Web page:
The other main objection from opponents of H.R. 4413 is the inclusion of a provision that would create an Office of the Chief Economist and task it with conducting a cost-benefit analysis of each proposed rule. Related language would open the door to legal challenges regarding that aspect of the rule-making process. House Republicans have voted in favor of other bills during the 113th Congress that would require additional cost-benefit analyses at other rule-making agencies.
Supporters of H.R. 4413 include industry trade groups ranging from the Business Roundtable and the U.S. Chamber of Commerce to the National Grain and Feed Association and the American Public Power Association.
While the Senate has not introduced a companion measure, House passage of the bill would put pressure on Sen. Debbie Stabenow (D-Mich.), head of the Senate Agriculture Committee, to introduce her own reauthorization bill. Her panel is still in the midst of CFTC reauthorization hearings, with the most recent one held last month. Waiting until after the House vote will allow Stabenow and fellow party members on the committee to gauge what kind of Democratic support H.R. 4413 gets in the House and whether any substantive amendments are adopted, in addition to a statement of administration policy from the White House.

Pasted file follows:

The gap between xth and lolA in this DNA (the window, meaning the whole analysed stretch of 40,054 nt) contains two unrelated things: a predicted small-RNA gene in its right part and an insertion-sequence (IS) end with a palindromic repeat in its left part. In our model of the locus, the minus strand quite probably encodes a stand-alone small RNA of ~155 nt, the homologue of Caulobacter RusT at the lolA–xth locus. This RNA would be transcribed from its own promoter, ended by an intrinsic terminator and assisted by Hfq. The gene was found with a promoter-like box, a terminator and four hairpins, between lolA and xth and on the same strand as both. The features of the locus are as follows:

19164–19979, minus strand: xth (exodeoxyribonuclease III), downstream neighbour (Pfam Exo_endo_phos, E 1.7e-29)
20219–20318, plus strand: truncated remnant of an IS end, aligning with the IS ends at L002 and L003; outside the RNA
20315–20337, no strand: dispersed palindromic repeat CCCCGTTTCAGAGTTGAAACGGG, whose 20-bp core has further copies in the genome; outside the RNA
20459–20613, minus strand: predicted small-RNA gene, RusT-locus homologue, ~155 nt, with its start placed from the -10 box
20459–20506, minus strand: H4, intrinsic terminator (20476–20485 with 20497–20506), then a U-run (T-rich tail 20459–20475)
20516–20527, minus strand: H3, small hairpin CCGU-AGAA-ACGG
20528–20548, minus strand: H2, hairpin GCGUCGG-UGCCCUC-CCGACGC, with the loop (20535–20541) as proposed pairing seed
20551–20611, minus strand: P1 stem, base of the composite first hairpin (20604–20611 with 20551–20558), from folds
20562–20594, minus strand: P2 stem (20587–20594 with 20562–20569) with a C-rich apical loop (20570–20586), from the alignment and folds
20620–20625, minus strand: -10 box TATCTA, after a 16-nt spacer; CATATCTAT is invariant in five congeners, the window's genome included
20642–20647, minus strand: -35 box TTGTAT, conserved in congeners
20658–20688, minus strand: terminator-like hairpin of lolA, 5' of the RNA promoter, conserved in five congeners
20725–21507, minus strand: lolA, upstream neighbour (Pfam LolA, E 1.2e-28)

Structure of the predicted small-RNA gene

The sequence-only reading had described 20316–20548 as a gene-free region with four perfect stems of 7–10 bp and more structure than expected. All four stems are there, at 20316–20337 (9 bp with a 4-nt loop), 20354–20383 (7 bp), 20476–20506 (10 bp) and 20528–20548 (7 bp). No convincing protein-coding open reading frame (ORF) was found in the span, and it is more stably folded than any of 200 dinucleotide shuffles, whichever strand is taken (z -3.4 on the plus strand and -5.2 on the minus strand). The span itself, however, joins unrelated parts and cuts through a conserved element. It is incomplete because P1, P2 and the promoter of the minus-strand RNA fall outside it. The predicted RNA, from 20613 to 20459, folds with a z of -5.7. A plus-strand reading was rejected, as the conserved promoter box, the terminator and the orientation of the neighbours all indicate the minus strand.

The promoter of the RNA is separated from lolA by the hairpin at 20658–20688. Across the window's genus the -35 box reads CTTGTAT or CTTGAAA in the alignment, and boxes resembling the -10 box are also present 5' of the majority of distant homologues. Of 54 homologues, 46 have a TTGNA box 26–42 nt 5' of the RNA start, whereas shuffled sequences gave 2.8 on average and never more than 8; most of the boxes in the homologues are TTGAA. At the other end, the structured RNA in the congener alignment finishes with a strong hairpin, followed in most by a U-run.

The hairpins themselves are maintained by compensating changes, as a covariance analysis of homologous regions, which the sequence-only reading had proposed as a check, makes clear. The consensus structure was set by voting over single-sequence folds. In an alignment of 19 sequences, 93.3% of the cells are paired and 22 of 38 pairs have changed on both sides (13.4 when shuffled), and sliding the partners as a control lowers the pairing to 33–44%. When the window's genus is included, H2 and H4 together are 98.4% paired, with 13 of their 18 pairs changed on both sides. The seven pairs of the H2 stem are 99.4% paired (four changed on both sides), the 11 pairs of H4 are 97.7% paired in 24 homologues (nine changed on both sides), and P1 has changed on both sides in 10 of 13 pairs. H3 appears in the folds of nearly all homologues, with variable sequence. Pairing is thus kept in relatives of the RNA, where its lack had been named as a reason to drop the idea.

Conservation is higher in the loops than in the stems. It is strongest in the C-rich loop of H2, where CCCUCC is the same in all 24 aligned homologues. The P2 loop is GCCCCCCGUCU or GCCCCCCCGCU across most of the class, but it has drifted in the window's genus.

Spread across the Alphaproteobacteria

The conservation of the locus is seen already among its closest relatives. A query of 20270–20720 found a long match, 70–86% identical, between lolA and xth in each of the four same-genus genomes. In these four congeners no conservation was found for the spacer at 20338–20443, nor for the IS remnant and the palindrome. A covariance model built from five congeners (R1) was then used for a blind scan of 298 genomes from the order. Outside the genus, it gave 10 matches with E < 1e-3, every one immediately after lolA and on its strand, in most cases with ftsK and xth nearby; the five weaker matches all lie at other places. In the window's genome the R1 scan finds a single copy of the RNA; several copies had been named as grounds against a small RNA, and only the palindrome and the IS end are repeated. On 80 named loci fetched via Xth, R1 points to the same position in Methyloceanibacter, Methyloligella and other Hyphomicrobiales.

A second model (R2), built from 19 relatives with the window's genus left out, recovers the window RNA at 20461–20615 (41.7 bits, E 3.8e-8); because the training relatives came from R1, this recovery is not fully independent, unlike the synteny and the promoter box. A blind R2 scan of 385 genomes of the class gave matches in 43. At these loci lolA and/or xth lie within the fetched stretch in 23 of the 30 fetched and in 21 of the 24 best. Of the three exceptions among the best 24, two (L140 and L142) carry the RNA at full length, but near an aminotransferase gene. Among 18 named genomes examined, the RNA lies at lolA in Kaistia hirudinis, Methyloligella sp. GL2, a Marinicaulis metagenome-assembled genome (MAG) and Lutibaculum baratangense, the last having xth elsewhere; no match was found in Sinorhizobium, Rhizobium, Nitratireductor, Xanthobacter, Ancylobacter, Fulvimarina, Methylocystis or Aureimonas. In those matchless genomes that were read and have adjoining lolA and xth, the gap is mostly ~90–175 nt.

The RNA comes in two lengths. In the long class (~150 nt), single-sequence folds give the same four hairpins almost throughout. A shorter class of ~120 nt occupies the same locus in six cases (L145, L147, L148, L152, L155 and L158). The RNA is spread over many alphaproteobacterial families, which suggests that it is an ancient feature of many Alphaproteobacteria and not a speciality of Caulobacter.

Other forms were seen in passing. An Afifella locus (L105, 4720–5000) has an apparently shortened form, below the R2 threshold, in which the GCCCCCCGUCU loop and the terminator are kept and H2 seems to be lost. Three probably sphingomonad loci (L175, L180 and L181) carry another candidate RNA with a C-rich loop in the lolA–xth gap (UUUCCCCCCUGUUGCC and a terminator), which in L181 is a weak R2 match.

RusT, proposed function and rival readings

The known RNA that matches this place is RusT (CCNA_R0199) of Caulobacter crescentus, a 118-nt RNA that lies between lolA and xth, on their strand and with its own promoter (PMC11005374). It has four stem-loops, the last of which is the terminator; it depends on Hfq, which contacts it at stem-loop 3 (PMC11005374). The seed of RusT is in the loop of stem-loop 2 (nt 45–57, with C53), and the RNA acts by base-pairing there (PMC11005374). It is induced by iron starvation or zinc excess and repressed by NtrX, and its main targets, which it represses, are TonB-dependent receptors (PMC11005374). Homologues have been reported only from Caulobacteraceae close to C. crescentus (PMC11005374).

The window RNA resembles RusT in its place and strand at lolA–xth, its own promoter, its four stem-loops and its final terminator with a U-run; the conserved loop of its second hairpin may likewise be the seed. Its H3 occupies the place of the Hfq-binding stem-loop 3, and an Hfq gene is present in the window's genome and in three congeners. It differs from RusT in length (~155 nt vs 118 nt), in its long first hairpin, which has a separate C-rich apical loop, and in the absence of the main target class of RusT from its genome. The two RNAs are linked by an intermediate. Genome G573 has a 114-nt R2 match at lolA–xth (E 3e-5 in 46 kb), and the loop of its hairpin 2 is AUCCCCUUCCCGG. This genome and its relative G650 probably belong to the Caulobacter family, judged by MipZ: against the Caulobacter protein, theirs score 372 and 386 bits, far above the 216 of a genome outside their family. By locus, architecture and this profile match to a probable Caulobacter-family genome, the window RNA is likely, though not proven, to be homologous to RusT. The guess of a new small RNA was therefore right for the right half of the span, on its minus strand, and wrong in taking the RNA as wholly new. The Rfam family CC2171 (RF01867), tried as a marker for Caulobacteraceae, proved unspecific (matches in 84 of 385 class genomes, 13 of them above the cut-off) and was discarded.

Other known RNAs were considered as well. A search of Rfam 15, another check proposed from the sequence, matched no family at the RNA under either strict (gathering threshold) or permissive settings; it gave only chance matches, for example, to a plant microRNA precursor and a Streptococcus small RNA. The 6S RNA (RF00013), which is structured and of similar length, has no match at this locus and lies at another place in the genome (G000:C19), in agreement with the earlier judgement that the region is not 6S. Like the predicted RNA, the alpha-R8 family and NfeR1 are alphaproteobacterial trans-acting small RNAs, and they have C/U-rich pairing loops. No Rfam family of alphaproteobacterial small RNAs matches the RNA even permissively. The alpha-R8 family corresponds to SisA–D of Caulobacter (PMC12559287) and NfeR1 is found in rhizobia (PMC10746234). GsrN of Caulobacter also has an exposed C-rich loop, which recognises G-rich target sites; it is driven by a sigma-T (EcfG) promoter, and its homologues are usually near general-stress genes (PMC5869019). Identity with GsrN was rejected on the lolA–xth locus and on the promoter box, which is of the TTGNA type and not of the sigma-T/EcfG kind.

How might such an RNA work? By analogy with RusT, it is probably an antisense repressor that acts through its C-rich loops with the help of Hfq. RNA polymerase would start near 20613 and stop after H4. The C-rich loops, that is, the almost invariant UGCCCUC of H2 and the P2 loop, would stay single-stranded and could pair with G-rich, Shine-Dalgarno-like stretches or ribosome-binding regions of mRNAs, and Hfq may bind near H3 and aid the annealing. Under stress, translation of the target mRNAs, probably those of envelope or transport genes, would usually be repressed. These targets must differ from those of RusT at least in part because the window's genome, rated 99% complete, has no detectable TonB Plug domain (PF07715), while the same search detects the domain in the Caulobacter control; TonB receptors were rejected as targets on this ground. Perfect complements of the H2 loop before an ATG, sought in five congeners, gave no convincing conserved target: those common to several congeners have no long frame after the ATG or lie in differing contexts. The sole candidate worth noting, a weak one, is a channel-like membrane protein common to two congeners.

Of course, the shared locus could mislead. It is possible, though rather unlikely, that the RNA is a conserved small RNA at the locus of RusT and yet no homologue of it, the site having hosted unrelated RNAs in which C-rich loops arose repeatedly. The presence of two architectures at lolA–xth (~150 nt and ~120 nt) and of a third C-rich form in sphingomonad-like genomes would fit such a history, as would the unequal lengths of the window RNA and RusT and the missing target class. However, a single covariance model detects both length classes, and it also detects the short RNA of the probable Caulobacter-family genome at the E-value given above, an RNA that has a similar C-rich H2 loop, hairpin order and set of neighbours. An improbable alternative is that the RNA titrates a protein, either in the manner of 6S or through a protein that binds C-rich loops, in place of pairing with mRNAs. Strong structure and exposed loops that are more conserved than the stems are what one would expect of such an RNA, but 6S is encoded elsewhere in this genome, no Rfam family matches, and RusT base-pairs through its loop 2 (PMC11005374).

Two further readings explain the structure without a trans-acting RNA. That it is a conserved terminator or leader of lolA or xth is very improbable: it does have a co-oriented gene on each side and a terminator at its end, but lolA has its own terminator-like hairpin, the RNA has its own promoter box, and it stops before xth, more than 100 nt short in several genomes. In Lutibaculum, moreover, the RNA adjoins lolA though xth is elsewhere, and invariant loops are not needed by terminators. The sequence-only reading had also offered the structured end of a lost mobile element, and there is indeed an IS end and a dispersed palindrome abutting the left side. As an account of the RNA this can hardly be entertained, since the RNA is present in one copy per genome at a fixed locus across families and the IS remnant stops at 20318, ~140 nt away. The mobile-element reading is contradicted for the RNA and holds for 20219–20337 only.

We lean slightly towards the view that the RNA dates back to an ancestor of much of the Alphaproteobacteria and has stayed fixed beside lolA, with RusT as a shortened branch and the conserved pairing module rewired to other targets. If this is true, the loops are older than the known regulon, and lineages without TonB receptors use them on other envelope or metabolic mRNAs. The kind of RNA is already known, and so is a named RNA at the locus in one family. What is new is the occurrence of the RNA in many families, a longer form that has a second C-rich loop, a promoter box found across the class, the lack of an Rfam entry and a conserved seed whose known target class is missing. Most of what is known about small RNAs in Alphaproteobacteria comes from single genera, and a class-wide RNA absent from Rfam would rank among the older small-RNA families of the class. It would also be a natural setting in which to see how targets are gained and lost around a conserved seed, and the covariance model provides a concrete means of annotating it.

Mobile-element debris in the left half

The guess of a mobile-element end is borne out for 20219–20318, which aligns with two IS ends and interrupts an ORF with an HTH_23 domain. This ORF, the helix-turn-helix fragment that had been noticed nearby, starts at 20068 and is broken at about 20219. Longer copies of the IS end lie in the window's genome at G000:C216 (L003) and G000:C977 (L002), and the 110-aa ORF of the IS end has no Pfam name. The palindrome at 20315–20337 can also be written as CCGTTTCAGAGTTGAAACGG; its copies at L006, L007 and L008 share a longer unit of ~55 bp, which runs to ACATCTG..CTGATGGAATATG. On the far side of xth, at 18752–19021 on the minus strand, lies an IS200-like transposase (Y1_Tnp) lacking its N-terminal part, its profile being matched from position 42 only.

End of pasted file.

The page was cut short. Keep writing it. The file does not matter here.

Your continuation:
The bipartisan comity surrounding the House measure was dealt a blow last week when the House rejected, 194-227, an amendment offered by Rep. Rosa DeLauro (D-Conn.) that would have reduced information technology funding at the CFTC by $17.6 million in order to reallocate that money for regulatory efforts as part of the annual agriculture spending bill.
Rep. Robert Aderholt (R-Ala.), chairman of the House Appropriations Subcommittee on Agriculture, said on the House floor that the amendment “would only accomplish one objective: to grow the size of our government bureaucracy by hiring more personnel to write rules and regulations.”
Those disagreements can be chalked up as expected issues that arise when Congress funds any agency, big or small. What message they ultimately send to lawmakers considering reauthorization of the CFTC will likely be seen before the August congressional recess.